Masking - Basic

by Beate Johns

Something as simple as a little Post-It® Note adds lots of depth to your stamping.

Supplies

  • Post-It Note™
  • Scissors
  • Stamps
  • Cardstock
  • Ink

Step-by-Step

  1. Step 1

    Stamp the image you would like to have in the foreground (very front) of the scene on your cardstock.

  2. Step 2

    Stamp the same image on a Post-It Note™, making sure that part of the image is on the sticky part of the paper.

    I stamped two images, since I have several mushrooms on my cardstock.

  3. Step 3

    Carefully cut the images on the Post-It Note™ out with your scissors.

    Cut right on the line or even slightly inside of it.

  4. Step 4

    Layer your Post-It Note™ images over those on your cardstock.

  5. Step 5

    Stamp your second image over your mask. This image will appear to be in the background.

  6. Step 6 (Optional)

    Once you have finished stamping over one image, remove the mask, place it over the next foreground image and continue to stamp.

  7. Step 7

    Color your image if necessary.

  8. Step 8

    Finish your card.

Video!

Your Turn

You've seen the tutorial, now you try it! We've got a section of the gallery set aside for Masking - Basic. Try this technique, then upload your artwork to the gallery. Show us your creations!

Questions and Comments

We'd love to get your feedback or questions. Leave your comment below.

Hi! I'm so excited. I'm such a visual person that seeing this demo really helped me! I can't wait to use this technique. Do you think I could us this technique with the unfroggetable set, so the frog can be on top of the lilly pad!?
Kari  |  Tue Jan 22, 2008 at 6:11 PM
Can you tell me why I get a white line around the masked image?
Kathy S  |  Thu Jan 31, 2008 at 5:34 AM
Kathy,

the white line happens if you cut on the outside or even on the line of the image. Try cutting slightly on the inside of the stamped image to make your mask. How much inside of the image depends on how thick the paper is you are using for your mask.
beate  |  Thu Jan 31, 2008 at 9:21 AM
where can I find the mushroom stamp?
pat Winn  |  Tue Apr 15, 2008 at 4:52 PM
Gracias, no se me habrĂ­a ocurrido nunca, me encanta.
Monika  |  Wed Jun 25, 2008 at 10:57 PM
I have been masking with post-it notes but would like to try the slightly transparent (reusable) tape you used in the video. Did you say it was "clips tape?"
Where can I find it? A web search came up with
nothing.
Barbara  |  Wed Sep 22, 2010 at 5:52 AM
Hi Barbara - Beate was using Eclipse tape - it comes in various widths - here's a link where you can see an example.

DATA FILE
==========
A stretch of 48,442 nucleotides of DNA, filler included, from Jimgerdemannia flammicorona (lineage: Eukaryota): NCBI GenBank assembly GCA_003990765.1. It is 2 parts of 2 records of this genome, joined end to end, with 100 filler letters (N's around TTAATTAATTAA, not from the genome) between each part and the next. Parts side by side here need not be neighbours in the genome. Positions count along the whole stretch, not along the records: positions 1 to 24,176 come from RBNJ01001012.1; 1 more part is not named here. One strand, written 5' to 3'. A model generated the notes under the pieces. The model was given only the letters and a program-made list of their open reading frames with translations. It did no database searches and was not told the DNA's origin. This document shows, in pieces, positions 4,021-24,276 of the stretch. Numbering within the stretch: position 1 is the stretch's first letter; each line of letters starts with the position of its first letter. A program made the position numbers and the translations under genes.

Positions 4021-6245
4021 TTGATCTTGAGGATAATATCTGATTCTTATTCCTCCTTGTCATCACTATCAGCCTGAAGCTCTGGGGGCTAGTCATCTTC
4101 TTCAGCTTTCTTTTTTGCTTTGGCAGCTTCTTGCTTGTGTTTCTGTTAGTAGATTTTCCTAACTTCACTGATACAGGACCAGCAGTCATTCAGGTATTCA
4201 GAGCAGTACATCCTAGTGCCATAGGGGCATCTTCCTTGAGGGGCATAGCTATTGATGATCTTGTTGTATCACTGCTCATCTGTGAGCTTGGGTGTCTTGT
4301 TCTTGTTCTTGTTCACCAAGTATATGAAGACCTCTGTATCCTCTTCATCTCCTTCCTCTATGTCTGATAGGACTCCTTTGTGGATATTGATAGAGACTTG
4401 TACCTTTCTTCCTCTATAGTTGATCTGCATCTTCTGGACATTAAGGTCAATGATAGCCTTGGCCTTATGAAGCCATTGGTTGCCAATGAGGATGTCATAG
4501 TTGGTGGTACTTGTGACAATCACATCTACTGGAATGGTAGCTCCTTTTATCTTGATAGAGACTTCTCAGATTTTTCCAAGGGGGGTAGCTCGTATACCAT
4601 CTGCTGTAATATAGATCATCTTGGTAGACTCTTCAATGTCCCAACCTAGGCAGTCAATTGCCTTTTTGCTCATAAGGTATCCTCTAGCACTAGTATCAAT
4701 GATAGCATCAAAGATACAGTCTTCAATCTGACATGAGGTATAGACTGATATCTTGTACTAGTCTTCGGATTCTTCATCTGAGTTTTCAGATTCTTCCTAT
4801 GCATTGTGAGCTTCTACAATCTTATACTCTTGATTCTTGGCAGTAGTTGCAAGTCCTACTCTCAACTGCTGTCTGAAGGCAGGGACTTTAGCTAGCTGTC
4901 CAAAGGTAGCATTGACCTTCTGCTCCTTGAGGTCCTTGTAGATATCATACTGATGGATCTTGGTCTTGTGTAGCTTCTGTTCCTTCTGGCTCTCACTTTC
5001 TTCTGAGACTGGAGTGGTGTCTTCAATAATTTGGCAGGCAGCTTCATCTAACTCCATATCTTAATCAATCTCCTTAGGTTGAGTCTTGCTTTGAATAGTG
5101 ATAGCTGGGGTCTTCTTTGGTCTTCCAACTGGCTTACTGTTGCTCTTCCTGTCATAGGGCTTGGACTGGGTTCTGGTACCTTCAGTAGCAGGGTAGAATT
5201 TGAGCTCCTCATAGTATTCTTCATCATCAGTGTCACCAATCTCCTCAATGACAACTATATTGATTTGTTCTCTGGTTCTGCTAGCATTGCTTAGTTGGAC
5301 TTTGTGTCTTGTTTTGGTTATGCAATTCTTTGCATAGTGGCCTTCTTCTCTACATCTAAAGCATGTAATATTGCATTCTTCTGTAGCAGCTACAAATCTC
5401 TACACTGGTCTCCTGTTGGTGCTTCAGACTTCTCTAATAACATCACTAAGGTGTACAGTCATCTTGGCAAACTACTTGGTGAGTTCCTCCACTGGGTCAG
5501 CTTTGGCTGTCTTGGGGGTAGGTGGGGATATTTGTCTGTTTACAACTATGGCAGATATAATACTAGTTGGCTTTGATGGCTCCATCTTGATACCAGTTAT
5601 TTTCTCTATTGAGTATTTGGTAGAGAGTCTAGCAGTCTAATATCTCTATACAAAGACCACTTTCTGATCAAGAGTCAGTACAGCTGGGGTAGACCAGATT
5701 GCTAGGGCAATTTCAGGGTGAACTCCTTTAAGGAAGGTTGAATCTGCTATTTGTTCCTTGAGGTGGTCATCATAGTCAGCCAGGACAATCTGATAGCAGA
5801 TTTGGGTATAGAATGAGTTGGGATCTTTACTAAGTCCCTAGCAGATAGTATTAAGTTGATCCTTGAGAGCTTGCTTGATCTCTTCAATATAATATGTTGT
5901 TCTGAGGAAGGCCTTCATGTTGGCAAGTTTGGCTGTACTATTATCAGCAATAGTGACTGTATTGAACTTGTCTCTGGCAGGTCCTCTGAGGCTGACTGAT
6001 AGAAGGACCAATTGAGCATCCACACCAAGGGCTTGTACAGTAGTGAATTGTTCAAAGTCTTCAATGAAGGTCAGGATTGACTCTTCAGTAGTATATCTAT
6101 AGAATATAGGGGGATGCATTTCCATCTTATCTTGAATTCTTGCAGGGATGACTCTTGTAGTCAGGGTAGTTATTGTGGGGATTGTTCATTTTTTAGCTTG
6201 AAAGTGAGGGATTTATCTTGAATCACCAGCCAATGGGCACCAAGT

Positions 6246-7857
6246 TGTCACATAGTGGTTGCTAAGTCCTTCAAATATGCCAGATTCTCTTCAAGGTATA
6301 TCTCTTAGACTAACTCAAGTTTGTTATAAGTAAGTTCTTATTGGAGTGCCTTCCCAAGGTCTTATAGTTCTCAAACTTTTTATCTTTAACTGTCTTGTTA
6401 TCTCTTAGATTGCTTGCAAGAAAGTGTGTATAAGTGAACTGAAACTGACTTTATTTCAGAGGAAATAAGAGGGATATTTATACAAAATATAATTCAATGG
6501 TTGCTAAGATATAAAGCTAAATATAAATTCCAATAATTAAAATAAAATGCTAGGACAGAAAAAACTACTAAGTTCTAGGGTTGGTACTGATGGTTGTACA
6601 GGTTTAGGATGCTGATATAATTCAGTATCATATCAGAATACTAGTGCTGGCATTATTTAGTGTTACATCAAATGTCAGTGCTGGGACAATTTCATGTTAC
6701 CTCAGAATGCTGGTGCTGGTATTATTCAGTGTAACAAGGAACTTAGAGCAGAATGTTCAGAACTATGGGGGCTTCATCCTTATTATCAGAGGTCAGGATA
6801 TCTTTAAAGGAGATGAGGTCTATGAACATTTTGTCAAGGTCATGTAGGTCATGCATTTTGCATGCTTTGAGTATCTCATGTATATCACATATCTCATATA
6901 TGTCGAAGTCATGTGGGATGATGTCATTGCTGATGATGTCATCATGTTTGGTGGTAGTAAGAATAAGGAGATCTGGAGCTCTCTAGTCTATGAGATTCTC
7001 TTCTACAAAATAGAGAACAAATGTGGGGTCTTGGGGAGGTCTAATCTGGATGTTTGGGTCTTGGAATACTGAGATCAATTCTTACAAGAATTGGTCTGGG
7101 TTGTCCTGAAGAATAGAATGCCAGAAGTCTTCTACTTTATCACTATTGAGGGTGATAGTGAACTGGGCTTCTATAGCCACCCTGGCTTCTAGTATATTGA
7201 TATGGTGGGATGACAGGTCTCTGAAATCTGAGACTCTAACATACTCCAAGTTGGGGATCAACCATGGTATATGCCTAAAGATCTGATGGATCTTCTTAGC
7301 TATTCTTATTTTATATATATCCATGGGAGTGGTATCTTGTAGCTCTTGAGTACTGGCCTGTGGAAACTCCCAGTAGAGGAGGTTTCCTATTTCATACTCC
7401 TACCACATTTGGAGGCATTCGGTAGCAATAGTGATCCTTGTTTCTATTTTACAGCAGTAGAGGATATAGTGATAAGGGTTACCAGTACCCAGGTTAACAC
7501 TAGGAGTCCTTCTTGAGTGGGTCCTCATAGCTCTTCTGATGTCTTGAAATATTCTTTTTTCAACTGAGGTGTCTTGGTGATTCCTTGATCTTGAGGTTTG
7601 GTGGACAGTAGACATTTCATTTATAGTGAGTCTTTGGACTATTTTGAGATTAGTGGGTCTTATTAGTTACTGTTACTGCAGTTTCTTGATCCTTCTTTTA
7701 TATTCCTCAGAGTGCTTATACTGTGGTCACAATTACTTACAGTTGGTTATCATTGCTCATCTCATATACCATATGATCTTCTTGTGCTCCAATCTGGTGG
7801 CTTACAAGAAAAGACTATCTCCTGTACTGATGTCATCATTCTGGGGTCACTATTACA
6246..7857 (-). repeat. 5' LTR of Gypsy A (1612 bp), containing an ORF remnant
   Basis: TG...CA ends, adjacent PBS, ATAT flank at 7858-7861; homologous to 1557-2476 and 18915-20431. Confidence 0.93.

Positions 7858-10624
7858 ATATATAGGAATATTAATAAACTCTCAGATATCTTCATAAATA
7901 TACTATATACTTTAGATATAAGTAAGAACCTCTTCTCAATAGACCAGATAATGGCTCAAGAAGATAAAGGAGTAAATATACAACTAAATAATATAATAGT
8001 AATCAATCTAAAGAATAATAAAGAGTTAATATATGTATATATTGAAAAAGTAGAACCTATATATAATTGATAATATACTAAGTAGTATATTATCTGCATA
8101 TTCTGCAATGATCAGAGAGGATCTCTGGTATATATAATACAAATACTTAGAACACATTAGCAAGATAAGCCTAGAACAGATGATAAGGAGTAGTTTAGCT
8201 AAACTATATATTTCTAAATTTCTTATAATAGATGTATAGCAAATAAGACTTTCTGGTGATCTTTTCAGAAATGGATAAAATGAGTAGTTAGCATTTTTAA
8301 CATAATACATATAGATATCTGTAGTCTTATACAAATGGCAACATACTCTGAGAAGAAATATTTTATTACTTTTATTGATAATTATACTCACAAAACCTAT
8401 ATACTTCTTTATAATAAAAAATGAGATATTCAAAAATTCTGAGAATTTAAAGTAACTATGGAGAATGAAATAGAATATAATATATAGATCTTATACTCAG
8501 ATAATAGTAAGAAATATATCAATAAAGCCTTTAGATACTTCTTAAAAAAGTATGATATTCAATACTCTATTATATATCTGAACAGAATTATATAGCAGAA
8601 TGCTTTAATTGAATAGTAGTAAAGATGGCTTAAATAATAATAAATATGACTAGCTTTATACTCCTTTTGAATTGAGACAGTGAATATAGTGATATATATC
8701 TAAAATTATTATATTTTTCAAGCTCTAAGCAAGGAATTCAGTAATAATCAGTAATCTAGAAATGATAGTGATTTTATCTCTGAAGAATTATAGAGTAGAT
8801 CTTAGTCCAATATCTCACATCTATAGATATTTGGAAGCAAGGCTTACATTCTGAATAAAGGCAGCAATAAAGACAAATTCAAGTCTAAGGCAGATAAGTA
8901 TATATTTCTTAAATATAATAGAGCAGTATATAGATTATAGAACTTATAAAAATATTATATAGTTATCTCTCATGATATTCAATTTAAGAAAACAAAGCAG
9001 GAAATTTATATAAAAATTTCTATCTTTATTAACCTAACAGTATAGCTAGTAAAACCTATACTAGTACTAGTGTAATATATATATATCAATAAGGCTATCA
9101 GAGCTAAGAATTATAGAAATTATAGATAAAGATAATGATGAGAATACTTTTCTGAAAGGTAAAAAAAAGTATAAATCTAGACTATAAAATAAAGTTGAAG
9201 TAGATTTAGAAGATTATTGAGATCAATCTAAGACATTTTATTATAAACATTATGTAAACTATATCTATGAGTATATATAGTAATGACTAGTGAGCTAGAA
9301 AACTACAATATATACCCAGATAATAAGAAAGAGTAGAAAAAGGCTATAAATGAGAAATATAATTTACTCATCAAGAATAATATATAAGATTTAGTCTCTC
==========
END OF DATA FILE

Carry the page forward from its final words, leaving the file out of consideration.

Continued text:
http://www.eclecticpaperie.com/ectast.html
lydia  |  Wed Sep 22, 2010 at 6:15 AM
Where can I find the eclipse talpe you talked about on your tutitorial
Lori Glenn  |  Mon Sep 27, 2010 at 1:50 PM
Hi Lori,
You can find Eclipse tape in a lot of online stores. Just type in Eclipse tape into your google search engine and they will pop up. I know Ellen Hutson sells the wide roll that I used, but I think she is sold out right now.
Beate  |  Tue Sep 28, 2010 at 2:27 AM
I understand basic masking, but at times the stamps are much more complex, e.g., SU Thoughts and Prayers, with a branch and many little leaves. How do you easily stamp the branches in one color and leaves in a second color?
Lynn Leaman  |  Wed Feb 2, 2011 at 6:55 AM
Hi Lynn - for that type of image, I would color directly on the stamp with waterbased markers - the SU markers work find for this - color the leaves one color and the tree another, "huff" or breathe on the stamp to remoisten it, and stamp.
lydia  |  Wed Feb 2, 2011 at 7:01 AM
Lynn,

Check our Misting with Marker tutorial for that technique.

Hugs and smiles
Beate
beate  |  Wed Feb 2, 2011 at 8:39 AM
My problem has always been that after I've been stamping for a bit, I realize that what I wanted in front, I've already stamped... dang! Too late!
Betty Dallas  |  Wed Mar 27, 2013 at 6:43 PM
Thank you for this tutorial - I have to do this and it will be my very first time - now to select the stamps to use - have a wonderful day!
Gail Scott  |  Thu Aug 29, 2013 at 10:45 AM

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